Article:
Vaglu Majhi's hard earned jacket

Vaglu Majhi wearing his jacket
Vaglu Majhi wearing his jacket. Photo: UNDP Nepal

Vaglu Majhi is wearing a jacket for the first time in his life. He belongs to a Mushahar community in Ishworpur village, Sarlahi district, terai (low lands) area of Nepal. Mushahar community has always lived in abject poverty due to lack of education, skills and income generating opportunities. Vaglu's purchase of jacket was the result of NRs 21000 profit he made from selling his vegetables in 10 months’ time.

“I and my wife made money out of selling vegetables and in 46 years of my life, this is the first time I have ever worn a jacket. In the past, it was always a shawl that I clung to save myself from cold during winters."

Highlights

  • In 2011, with LRP support, 6,003 disadvantaged households have received seed grants to start Income Generating Activities.
  • In 2011, with LRP support, 105 Women's Rights Forums were formed, trained and mobilised.

UNDP's Livelihood Recovery for Peace project (LRP) has helped the Mushahar community to learn new skills along with some seed grant to start up any income generating activities. With the amount of Rs. 9,000, the Vaglu couple leased a land and started vegetable farming.

As of today 10,710 disadvantaged and poor households of 328 marginalized community groups of Mahottari, Sarlahi and Rautahat districts have received the seed grant to start to start their income generating opportunities in agriculture, livestock and other small trade.

Items of basic necessity were often the cause for conflict due to scarcity. There were only 3 hand pumps for 90 households of Mushahars and Danuwars (considered as untouchable caste) in Kureniya village. They now enjoy the right to use water from the same source with dignity. "As the Chairperson of the User Committee, I did a lot of counseling to make sure that hand pumps would be installed in locations that would benefit all. We worked out some strategic locations and installed 10 hand pumps with the assistance from UNDP,” says Vaglu.“We are still Dalits but no longer treated as outcastes by other communities. Water has washed awa our stigma," he further adds.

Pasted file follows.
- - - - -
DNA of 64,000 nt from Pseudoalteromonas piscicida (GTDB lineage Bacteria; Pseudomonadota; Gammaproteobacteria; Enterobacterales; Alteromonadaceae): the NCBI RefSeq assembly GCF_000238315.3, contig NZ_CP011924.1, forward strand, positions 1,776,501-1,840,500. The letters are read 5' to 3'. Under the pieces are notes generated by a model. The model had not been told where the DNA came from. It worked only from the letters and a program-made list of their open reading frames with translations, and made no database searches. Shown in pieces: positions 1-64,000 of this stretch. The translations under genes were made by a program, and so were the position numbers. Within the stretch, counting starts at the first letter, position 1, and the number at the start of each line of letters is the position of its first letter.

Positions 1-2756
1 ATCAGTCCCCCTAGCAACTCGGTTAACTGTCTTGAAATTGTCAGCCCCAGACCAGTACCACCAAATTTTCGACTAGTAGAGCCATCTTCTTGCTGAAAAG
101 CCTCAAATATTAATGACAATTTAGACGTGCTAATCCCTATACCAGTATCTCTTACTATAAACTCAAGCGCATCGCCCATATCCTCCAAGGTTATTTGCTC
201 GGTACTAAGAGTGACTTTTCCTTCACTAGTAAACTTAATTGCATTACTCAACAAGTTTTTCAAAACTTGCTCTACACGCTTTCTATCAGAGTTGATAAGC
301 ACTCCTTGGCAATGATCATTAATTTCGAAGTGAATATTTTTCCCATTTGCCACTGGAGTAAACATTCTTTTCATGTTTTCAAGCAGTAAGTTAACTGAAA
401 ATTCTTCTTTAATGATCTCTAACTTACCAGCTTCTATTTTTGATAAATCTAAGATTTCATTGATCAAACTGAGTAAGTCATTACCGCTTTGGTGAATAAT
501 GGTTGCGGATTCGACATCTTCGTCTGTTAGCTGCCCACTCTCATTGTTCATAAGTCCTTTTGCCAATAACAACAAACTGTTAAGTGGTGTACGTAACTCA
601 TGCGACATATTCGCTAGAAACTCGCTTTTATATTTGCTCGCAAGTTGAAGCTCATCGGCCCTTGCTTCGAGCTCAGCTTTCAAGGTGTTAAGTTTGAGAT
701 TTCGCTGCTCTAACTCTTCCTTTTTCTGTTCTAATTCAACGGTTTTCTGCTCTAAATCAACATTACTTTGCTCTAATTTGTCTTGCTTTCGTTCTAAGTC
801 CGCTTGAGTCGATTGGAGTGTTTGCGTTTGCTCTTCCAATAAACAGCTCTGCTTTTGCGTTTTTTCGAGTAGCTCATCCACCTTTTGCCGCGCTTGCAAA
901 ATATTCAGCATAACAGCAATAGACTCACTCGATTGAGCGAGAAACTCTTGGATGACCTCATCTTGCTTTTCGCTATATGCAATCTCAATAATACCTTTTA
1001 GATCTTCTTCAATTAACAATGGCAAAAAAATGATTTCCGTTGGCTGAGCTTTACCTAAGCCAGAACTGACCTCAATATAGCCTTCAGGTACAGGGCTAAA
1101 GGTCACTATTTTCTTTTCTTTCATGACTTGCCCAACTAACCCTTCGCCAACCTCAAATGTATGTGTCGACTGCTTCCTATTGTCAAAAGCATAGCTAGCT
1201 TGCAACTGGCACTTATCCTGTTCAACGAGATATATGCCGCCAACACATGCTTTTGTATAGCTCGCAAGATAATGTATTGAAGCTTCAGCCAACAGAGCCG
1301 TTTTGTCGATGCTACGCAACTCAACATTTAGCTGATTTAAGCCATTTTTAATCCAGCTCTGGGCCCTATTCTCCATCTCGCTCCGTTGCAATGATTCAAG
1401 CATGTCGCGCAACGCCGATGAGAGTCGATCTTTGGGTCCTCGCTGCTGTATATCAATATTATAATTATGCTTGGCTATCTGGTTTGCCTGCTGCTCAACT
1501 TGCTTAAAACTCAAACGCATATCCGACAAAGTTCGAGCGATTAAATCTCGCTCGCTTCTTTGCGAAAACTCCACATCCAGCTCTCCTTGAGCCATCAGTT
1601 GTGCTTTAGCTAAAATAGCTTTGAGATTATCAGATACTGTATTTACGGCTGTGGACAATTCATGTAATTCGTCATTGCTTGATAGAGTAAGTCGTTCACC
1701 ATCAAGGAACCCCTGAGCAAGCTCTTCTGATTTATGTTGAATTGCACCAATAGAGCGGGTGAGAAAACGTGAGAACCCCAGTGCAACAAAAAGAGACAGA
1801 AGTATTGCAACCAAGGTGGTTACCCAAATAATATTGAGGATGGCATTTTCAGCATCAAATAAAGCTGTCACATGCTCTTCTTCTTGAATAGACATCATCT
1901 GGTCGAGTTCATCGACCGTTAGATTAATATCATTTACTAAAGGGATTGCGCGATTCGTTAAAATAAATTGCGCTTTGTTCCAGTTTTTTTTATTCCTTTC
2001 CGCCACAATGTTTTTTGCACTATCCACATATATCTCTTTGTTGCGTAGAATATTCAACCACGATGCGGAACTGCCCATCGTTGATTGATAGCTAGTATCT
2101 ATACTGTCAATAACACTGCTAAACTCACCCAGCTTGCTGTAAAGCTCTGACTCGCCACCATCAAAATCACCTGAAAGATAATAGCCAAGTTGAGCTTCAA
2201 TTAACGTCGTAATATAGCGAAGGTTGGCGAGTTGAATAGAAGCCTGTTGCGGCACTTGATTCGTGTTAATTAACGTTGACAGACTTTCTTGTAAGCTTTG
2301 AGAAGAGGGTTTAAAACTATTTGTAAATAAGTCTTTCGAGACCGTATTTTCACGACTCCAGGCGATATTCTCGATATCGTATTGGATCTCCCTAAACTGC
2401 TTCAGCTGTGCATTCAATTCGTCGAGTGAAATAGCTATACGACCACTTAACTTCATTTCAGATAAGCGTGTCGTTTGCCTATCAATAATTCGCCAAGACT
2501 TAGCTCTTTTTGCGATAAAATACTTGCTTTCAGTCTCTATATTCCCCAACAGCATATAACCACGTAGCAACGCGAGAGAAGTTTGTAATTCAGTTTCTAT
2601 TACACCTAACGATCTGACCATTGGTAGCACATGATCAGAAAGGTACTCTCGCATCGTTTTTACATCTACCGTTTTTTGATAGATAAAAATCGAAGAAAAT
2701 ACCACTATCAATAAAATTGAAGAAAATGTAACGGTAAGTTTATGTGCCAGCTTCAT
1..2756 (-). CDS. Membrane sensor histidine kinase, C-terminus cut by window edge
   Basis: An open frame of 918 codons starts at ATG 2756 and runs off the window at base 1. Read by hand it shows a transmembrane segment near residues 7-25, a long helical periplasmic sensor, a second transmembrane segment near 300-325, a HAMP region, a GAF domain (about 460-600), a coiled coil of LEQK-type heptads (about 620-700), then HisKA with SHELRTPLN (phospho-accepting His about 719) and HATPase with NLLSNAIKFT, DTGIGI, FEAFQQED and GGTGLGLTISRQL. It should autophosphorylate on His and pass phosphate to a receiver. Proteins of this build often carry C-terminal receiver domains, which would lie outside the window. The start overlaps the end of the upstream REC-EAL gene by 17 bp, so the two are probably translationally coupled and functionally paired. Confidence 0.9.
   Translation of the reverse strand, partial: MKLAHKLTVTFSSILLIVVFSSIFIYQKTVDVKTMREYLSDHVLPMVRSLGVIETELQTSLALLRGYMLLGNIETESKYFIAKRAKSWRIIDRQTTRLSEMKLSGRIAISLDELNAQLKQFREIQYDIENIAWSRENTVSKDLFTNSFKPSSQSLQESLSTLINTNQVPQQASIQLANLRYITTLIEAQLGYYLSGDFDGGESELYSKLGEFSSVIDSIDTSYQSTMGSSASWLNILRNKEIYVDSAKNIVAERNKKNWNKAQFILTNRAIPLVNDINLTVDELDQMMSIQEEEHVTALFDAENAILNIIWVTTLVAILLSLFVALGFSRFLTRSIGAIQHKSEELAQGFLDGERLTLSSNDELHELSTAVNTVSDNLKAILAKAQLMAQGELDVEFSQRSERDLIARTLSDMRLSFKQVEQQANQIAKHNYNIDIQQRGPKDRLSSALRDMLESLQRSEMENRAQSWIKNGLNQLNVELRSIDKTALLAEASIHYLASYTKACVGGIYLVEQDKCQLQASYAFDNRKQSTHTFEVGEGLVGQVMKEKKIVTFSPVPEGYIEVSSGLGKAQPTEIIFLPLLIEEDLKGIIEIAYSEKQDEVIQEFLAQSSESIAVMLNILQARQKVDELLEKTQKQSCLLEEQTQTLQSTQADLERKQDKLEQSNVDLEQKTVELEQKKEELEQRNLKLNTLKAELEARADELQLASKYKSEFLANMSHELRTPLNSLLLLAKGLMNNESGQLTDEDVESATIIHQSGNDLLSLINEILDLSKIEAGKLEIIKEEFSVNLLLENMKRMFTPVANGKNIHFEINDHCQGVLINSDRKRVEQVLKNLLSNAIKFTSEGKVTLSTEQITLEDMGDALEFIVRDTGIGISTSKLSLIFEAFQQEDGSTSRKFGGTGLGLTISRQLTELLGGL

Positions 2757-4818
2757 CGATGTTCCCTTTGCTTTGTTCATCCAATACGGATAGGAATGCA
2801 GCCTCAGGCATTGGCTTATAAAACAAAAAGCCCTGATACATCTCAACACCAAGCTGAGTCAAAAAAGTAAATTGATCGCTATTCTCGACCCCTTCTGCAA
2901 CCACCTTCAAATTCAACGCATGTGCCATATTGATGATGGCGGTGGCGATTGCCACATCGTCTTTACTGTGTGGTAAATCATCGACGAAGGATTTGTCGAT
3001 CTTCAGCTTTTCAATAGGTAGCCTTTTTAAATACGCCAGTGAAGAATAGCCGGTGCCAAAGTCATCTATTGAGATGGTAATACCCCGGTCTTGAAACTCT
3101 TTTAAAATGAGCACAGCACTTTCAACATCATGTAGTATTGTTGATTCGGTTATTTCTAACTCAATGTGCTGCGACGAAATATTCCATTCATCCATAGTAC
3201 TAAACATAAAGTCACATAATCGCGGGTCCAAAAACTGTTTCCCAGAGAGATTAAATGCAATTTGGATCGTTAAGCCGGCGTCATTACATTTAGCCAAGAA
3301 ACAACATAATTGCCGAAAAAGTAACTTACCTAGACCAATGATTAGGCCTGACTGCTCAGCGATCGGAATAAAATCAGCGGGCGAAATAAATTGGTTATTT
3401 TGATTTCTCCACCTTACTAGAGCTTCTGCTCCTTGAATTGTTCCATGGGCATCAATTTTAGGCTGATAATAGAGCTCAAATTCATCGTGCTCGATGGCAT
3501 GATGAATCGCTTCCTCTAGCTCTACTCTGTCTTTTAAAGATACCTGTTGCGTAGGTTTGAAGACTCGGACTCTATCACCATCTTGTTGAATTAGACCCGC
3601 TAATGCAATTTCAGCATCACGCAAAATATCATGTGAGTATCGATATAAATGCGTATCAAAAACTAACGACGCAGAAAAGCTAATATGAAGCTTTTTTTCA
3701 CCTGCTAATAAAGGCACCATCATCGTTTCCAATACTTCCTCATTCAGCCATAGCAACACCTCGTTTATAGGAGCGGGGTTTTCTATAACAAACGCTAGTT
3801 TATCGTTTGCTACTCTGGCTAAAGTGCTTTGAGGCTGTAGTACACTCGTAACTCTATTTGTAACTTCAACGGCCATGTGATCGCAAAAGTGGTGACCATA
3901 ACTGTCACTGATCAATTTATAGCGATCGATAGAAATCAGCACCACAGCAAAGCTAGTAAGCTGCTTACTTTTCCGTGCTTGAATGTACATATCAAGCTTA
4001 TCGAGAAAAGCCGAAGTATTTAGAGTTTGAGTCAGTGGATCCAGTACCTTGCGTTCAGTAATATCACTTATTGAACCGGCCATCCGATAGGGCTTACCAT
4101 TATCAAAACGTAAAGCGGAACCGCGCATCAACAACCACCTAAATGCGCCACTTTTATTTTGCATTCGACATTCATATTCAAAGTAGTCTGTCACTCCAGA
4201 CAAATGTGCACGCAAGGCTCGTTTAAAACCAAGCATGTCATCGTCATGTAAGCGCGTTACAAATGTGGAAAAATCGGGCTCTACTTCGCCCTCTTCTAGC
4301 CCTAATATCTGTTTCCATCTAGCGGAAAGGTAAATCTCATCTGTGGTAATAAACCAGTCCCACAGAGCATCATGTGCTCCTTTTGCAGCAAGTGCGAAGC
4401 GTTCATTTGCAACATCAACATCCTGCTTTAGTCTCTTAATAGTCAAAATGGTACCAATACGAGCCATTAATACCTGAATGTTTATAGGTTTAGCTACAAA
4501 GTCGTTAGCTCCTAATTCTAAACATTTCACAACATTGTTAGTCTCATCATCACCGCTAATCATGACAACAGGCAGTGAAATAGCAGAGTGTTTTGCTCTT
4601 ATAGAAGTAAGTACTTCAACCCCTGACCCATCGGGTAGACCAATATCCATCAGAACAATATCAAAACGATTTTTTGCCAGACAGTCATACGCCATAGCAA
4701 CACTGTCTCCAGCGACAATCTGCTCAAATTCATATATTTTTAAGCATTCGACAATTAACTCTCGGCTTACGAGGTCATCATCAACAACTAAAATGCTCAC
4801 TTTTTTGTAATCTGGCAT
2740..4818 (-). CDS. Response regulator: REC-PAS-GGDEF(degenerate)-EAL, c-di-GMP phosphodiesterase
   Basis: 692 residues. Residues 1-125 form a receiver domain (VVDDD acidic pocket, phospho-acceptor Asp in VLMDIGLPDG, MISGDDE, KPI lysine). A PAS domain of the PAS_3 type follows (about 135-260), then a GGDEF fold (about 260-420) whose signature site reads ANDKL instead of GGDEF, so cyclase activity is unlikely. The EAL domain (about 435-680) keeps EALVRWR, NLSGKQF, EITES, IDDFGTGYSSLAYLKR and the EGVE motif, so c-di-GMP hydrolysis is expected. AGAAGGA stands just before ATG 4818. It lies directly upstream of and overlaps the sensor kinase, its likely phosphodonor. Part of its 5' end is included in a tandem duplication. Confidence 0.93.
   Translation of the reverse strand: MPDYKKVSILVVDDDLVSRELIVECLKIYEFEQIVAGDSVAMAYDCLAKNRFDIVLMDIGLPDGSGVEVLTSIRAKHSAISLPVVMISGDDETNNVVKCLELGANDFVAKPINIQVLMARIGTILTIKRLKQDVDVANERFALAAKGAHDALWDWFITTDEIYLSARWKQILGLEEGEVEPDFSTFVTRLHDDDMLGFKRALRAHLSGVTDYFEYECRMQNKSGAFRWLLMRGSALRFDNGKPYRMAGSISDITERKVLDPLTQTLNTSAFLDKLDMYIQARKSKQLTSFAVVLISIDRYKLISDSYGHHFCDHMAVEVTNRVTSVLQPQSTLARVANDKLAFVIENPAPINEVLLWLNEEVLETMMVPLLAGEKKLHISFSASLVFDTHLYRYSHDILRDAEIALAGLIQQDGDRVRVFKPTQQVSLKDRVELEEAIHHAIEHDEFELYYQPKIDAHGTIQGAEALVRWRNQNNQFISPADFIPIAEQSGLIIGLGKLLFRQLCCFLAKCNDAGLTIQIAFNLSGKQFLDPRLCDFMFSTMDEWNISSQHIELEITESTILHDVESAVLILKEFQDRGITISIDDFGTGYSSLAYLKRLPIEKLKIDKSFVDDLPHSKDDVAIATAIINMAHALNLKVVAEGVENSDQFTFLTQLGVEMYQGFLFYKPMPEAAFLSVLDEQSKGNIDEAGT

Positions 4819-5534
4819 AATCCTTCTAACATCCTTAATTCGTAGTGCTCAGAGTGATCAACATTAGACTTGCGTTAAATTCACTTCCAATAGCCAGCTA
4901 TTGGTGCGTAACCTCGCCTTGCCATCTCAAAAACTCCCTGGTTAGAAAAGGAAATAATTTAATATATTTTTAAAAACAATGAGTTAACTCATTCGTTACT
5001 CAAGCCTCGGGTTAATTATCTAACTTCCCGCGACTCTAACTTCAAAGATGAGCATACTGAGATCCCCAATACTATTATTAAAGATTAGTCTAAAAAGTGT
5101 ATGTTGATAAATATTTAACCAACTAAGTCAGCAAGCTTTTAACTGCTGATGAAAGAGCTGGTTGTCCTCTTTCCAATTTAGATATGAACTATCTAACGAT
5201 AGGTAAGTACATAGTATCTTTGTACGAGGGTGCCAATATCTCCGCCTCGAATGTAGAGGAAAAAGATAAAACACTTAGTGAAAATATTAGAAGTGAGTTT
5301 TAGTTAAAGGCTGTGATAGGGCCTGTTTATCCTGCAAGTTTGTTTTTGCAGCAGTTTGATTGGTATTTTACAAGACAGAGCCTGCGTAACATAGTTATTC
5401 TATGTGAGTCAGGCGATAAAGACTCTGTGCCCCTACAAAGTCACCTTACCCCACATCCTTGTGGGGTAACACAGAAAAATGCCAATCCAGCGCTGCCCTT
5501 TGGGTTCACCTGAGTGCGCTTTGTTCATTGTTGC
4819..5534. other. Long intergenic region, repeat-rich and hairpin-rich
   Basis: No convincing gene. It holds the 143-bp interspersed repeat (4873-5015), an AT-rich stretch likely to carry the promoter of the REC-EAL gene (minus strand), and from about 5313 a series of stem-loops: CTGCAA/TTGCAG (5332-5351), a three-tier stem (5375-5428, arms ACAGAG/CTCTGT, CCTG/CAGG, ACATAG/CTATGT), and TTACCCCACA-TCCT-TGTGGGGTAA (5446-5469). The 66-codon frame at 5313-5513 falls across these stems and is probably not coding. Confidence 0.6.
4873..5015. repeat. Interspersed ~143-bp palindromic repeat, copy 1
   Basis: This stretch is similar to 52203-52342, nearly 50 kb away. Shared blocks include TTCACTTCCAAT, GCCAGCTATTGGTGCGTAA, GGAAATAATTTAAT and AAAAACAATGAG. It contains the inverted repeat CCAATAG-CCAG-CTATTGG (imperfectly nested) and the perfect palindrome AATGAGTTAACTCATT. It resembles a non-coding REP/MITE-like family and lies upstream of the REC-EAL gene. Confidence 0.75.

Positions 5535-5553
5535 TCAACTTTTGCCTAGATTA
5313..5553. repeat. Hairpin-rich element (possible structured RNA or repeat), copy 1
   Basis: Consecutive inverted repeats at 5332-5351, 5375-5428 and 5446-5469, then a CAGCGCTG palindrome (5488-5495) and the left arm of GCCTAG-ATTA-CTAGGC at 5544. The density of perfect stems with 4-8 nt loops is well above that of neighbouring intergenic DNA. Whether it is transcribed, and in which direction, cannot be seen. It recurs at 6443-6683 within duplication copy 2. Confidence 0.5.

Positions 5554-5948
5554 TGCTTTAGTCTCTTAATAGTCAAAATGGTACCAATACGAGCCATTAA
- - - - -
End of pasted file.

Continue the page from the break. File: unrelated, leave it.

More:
A total of 70 Mushahar households have been organised into two community groups and they attend the weekly participatory learning and action (PLA) sessions facilitated through the support of UNDP LRP project. The local youths are hired as Peace and Livelihood Facilitators (PAL) to inform them about their rights and community empowerment to bring better social cohesion and peace at the community level.  Some of the community infrastructures (community halls, water sources, culverts) supported by UNDP LRP project have brought together different ethnic groups to rely and help one another resulting in decreased conflict.